The Federal Firearms License (FFL) became necessary for the manufacture and sale of firearms after the gun control act of 1968 was passed. In order to obtain an FFL, you must file an ATF form 7 with the Bureau of Alcohol, Tobacco, Firearms and Explosives. Below I will clarify the different types of licenses that can be obtained with Form 7 as well as the special operation tax classes (SOT) for NFA firearms.
The FFL license types include:
1. Dealer in firearms: Firearms other than destructive devices. Fee: $200
2. Pawnbroker for firearms: Firearms other than destructive devices. Fee: $200.
3. Collector of Curio and Relic (C&R) firearms: For collecting but not for buying or selling. Fee: $30.00
6. Manufacturer of ammunition and reloading components other than armor piercing ammunition: NFA, destructive. Fee: $150
7. Manufacturer of firearms, ammunition and ammunition components other than NFA, Destructive devices and armor piercing ammunition
8. Importer of firearms and ammunition other than destructive devices. Fee: $150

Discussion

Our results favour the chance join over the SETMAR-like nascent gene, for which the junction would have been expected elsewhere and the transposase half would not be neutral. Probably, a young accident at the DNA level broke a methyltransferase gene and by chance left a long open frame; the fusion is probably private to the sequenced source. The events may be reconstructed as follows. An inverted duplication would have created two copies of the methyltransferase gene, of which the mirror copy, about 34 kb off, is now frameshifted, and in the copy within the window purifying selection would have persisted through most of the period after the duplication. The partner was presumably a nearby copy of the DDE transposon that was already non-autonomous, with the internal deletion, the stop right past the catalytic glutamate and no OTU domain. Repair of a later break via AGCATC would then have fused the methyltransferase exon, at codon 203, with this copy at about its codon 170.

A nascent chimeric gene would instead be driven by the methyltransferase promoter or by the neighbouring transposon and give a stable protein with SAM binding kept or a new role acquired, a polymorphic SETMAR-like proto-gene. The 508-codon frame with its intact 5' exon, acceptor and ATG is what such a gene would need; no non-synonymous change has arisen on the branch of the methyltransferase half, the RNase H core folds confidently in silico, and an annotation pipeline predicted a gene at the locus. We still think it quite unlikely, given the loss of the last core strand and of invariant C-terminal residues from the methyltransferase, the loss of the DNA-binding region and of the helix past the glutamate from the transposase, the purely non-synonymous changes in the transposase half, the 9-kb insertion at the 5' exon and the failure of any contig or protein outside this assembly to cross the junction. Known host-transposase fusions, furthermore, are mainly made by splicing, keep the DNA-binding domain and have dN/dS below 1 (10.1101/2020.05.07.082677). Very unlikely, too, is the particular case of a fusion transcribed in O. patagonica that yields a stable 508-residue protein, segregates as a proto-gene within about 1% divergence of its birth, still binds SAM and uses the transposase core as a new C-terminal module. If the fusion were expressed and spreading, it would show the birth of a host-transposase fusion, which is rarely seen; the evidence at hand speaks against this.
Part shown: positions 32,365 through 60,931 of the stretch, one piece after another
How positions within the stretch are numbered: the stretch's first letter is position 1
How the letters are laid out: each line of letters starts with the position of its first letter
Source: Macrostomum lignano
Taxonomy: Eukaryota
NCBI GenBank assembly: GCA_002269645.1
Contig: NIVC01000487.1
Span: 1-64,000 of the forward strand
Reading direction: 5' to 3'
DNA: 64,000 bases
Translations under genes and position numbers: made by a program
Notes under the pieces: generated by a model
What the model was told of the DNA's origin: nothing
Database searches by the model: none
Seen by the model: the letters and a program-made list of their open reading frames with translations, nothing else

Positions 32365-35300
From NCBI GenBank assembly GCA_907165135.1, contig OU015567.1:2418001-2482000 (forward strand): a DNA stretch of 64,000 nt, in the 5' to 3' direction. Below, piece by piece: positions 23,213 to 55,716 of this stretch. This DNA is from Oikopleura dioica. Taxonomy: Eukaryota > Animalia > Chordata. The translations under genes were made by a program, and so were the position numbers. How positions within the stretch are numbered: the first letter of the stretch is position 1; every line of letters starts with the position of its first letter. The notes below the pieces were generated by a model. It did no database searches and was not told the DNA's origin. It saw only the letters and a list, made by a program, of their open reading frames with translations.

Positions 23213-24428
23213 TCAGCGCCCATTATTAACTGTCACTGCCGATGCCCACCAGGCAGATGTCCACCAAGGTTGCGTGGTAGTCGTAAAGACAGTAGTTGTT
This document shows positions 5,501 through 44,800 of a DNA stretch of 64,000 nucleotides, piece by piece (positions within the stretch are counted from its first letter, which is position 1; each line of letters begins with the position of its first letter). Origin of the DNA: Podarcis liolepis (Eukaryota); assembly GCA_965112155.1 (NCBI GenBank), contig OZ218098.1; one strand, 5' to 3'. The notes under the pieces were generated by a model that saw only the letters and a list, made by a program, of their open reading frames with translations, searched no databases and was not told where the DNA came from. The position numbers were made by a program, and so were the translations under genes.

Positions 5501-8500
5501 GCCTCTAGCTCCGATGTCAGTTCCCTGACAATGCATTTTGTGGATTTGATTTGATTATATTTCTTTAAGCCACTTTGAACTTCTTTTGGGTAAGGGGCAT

9. Dealer in destructive devices. Fee: $3000
10. Manufacturer of firearms, ammunition and ammunition components, including NFA destructive devices but no other NFA items, and not including armor piercing ammunition.
11. Importer of firearms, ammunition and NFA destructive devices, but no other NFA items.
For the National Firearms Act of 1934 (NFA), the firearms and ammunition classification is:
Class 1: Importer of NFA firearms
Class 2: Manufacturer of NFA firearms
Class 3: Dealer of NFA firearms
Note: All firearms licenses are valid for a period of three years (3), and are non-transferable.
Hopefully this brief outline will give you a better appreciation for the complexity of obtaining and maintaining federal firearms licenses. However, try not to be dissuaded by this complexity. Take some time to do the research and seek help as needed and you should find that this can be a rewarding and profitable undertaking.